Yes, I can see the threads in the link above even though I'm not a registered member of the French forum.Tarbaby wrote:Could you try checking out this link to the games on the French language forum, JQ?
They are in Public Space there and I don't think you even have to be registered to the French forum to view them. You won't need to speak French to see what each game is all about.
Hello Linda,linda2 wrote: - One dilemma that I had when starting a couple of weeks ago, was whether to start at the beginning of the course from lesson 1, or jump into the middle and join in with the discussions/get support from my peers.
It's true you won't get much feedback from those who started earlier. There is, of course, the comments of those that preceded you.Duk Lee wrote:Hello Linda,linda2 wrote: - One dilemma that I had when starting a couple of weeks ago, was whether to start at the beginning of the course from lesson 1, or jump into the middle and join in with the discussions/get support from my peers.
If you allow me, please....
One thing pops in my mind is that if you start from lesson 1, you may be quite isolated, not getting much feedback or interaction from the group, until you catch up with the current practice pieces and discussion.
I am in the group D2. I am sure each lesson has its own characteristics and purpose under Mr. Delcamp's intention, but as far as a difficulty level between lesson 1 and lesson now(?) is concerned, I do not see much differences. I suspect that other groups would be in a similar situation.
Whichever group you are in, I would suggest you to jump right on to the current.
Just my thought....
M. Delcamp has fixed this and the games forums should now to visible to all members, though participation is still restricted to online students (for whom they were set up) and mods.JQ. wrote: No, I can't see them. This the message I get clicking JFD'S link:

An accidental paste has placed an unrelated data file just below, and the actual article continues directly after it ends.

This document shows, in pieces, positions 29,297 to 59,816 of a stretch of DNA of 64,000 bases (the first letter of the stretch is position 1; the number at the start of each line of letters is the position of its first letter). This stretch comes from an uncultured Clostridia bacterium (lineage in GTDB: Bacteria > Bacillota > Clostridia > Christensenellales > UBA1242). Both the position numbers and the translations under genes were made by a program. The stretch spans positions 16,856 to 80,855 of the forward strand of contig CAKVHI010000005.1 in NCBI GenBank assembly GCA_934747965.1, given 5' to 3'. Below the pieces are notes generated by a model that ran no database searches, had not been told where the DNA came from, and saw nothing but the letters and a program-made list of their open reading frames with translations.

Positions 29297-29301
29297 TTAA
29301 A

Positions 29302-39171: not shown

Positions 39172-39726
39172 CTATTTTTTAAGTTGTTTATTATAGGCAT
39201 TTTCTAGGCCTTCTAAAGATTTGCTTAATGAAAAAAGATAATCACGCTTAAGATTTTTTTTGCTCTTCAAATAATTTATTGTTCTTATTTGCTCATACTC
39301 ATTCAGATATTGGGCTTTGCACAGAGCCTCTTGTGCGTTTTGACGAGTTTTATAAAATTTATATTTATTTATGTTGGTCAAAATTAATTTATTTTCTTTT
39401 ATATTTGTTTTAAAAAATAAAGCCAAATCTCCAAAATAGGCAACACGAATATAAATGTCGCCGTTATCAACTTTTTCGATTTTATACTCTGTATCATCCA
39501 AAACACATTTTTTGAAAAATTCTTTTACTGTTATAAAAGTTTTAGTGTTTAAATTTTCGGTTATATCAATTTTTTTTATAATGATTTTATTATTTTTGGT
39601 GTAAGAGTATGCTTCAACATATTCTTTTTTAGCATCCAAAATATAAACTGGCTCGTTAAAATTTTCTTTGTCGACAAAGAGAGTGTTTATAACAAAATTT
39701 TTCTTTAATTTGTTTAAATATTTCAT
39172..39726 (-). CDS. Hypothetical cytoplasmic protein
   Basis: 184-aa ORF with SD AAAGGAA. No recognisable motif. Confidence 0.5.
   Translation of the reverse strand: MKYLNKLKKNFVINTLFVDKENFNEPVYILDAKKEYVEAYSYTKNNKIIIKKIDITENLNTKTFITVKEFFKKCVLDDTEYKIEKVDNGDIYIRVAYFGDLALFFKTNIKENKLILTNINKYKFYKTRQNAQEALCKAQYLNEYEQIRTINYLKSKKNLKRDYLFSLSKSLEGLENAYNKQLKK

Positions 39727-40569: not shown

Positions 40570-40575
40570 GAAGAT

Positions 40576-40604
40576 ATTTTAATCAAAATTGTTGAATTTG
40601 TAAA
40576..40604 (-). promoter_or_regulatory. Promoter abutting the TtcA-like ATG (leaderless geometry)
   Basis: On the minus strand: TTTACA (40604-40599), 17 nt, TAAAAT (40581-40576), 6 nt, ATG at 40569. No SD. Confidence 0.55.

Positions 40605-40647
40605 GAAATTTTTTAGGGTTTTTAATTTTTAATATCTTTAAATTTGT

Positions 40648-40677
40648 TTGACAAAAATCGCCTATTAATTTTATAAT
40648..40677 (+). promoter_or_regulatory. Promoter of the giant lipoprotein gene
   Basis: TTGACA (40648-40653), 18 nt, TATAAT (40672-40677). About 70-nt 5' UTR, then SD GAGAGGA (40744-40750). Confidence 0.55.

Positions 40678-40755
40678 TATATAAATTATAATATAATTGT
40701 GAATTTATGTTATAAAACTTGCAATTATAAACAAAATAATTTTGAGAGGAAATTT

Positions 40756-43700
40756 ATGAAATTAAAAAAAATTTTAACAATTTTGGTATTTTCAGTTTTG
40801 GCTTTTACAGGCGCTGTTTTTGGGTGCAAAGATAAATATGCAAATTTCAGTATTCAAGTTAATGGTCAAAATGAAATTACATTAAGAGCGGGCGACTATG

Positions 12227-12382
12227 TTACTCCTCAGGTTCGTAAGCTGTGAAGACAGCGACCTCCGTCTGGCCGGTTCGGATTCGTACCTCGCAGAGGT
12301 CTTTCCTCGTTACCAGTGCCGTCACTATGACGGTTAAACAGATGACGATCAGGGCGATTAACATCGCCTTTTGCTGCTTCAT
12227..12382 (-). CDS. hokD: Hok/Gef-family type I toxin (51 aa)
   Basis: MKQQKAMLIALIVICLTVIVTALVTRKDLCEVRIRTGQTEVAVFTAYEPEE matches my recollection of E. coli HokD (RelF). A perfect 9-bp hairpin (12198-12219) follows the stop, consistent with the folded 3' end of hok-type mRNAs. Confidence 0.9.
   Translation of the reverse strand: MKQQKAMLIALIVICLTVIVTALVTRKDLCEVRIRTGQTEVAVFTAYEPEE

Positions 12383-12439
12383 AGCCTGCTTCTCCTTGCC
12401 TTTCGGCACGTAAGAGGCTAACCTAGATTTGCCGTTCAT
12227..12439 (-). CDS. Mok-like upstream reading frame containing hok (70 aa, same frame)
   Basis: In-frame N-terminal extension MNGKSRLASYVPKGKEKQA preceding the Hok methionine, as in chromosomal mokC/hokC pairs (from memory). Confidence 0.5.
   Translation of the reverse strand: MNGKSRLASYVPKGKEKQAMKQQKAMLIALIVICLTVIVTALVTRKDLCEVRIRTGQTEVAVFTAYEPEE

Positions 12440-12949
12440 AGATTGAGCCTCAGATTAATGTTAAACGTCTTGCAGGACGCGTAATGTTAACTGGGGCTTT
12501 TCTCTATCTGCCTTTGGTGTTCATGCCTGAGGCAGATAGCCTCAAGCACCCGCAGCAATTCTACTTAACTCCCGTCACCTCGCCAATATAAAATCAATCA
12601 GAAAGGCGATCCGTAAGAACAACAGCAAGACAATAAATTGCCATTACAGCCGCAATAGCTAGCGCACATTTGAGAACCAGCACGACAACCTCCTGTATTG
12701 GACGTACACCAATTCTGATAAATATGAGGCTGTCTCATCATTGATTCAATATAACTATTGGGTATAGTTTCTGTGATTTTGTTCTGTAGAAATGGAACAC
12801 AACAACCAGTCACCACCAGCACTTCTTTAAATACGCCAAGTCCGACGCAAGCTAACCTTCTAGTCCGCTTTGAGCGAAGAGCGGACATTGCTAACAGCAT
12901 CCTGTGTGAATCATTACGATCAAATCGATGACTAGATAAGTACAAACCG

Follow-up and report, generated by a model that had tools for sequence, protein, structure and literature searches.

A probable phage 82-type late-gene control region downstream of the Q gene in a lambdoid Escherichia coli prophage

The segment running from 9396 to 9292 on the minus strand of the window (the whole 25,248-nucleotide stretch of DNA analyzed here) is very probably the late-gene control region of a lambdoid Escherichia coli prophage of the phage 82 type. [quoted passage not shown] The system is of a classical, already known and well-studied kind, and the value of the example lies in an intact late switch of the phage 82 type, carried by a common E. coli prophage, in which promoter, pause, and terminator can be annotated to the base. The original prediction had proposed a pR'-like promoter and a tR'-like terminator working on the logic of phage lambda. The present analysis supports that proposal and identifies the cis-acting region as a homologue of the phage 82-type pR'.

"You are not authorised to read this forum."
I included this partial quote from Jean-Francois' original instructions as a plea to the more advanced students (and perhaps some kind teachers with a philanthropic bent) to offer more critiques, encouragement, and constructive criticism of the attempts here. Even if you're a level one student, but further along in the lessons, please take a moment to look back and help the students that are behind with any difficulties that they are having. I pledge to do likewise, and have been endeavoring to do so.Jean-François Delcamp wrote:Hello everyone,
Each student can record several or, preferably, all the pieces and exercises which I shall give out for each lesson. After a week to ten days of work, no more, the student will upload his first recordings in a single post.
I ask all students to listen to the recordings of each of the other students of the same level, then to give their encouragement, opinions, and if possible their advice. Then the student, after having received that feedback, can post a second series of recordings taking into account the advice and opinions of the other members of the forum. All advice is welcome, and I am counting on the assistance of all members to help, encourage and advise students and finally to enable them to progress.
Well, I think the thought was that we put out our best effort in the given time. (I too, do multiple "takes" as I actually seem to make more mistakes when the camcorder is "watching" me!) I think it's perfectly normal and good to try and correct what we know is wrong. Getting the material out in the open quickly gives the other participants a chance to expose errors that we tend to miss ourselves, and gives us an opportunity to correct those errors before we ingrain them as habits. Someone's signature on this forum is "Practice doesn't make perfect, it makes permanent." I think that's a wise saying. But all this is only IMHO of course.Jeremy Hickerson wrote: It will be hard to put something out there w/ a bunch of mistakes in it, but looks like we're supposed to.